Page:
Tags: artificial intelligence | robots | globalization | automation | jobs | careers | workforce

Econ Prof: White-Collar Bots Are 'Designed to Replace Workers'

a robot worker stretches its mechanic arm in a display at a conference

By    |   Thursday, 31 January 2019 08:48 PM

White-collar robots are opening a new phase of automation that could blindside a whole new class of workers, an economics professor warns.

In an article for The Wall Street Journal adapted from his book, Richard Baldwin, a professor of International Economics at the Graduate Institute, Geneva, writes a combination of artificial intelligence and globalization could reshape the workforce.

And the "new version" of automation and globalization "will lower the headcount in many service-sector occupations," he warned.

"Thinking computers are designed to replace workers," he wrote. "They are not as good as human workers, but they are significantly cheaper."

Baldwin illustrates his point with one white-collar robot, called Amelia, developed by Chetan Dube, the founder of automation software company IPsoft who believes "using remote workers in India would be nowhere near as efficient as replacing U.S. and European workers with cloned human intelligence.”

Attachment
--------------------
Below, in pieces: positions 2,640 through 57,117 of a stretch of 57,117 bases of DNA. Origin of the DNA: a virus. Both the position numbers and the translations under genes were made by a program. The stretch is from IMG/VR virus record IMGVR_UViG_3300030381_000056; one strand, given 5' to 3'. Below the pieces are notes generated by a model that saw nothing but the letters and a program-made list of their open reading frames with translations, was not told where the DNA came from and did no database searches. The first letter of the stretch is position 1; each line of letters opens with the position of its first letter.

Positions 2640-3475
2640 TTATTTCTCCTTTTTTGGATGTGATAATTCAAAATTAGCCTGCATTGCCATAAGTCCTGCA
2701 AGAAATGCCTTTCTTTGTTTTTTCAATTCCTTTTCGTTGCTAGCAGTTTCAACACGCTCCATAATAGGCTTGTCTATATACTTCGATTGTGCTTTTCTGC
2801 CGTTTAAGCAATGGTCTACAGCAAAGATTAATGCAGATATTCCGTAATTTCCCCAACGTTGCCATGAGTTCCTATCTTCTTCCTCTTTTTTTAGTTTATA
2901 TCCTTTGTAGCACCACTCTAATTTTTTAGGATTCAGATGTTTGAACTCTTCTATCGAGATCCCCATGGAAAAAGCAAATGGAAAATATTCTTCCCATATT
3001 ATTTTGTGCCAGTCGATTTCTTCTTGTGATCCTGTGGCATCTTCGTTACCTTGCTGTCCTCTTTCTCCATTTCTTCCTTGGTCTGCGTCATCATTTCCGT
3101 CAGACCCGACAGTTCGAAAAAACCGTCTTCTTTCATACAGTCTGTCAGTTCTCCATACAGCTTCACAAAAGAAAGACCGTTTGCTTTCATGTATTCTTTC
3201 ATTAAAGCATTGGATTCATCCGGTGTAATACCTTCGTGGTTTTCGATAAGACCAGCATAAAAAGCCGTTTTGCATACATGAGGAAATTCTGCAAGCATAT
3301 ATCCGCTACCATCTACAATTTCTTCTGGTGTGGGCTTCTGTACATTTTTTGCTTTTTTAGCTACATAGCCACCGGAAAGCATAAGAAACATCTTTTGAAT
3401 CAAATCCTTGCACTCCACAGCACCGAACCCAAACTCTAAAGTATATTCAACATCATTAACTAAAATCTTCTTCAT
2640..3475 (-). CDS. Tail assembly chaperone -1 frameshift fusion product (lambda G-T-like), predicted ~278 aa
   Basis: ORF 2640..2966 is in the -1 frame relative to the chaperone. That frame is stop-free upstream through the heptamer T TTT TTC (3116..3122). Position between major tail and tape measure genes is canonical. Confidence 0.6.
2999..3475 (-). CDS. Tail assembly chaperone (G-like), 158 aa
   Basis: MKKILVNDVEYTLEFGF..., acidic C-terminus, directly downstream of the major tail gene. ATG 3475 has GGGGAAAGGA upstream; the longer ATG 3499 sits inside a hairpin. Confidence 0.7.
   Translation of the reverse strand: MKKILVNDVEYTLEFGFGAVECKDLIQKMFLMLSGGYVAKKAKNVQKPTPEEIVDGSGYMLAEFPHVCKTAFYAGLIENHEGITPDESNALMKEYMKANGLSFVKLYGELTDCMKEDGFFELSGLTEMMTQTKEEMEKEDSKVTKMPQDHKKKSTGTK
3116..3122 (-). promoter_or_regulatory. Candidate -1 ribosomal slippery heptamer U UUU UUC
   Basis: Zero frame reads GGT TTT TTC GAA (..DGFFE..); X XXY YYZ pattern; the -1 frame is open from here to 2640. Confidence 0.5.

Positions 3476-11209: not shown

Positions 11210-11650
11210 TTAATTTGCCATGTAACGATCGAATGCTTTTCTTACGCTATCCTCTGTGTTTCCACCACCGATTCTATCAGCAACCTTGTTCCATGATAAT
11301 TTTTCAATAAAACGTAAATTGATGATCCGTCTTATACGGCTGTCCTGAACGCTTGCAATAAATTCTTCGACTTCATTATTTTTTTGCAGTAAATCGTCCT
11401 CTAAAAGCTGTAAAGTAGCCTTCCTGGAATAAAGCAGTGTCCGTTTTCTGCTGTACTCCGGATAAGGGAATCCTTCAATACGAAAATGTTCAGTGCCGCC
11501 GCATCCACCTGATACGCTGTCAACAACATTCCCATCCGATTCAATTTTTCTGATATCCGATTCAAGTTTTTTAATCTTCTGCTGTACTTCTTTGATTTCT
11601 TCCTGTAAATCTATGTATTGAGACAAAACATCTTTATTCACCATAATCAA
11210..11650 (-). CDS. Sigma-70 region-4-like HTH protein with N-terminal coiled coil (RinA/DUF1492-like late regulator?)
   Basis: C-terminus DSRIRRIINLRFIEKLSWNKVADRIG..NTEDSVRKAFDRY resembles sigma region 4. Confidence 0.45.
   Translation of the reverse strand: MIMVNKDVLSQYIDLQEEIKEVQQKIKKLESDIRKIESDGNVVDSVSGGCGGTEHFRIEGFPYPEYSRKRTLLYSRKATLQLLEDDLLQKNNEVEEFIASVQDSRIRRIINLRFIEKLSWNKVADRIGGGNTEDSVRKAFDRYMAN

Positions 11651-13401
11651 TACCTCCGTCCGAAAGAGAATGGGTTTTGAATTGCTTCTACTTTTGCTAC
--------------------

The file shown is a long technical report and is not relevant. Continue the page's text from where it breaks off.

The blonde and blue-eyed bot works at the online and phone-in help desks at the Swedish bank SEB, in London for the Borough of Enfield, and in Zurich for UBS, Baldwin noted, adding the bot can memorize a 300-page manual in 30 seconds, speak 20 languages and handle thousands of calls simultaneously. 

In all, Amelia is used by over 20 of the world's leading banks, insurers, telecom providers, media companies and healthcare firm using "a form of artificial intelligence called 'machine learning'" that's given computers skills like reading, writing, speaking, and recognizing subtle patterns, he wrote.

"The sophistication of AI systems like Amelia . . . will displace many service-sector jobs —but they will eliminate only a few occupations," Badwin wrote. 

"This is what automation has always done. Tractors, for example, automated some farm chores, but they did not eliminate farming as an occupation. We just needed fewer farmers. This is what we'll see all across the service sector in coming years."

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A new phase of automation that could blindside a whole new class of workers is organizing with white-collar robots, according to an economics professor writing for The Wall Street Journal.
artificial intelligence, robots, globalization, automation, jobs, careers, workforce
Thursday, 31 January 2019 08:48 PM
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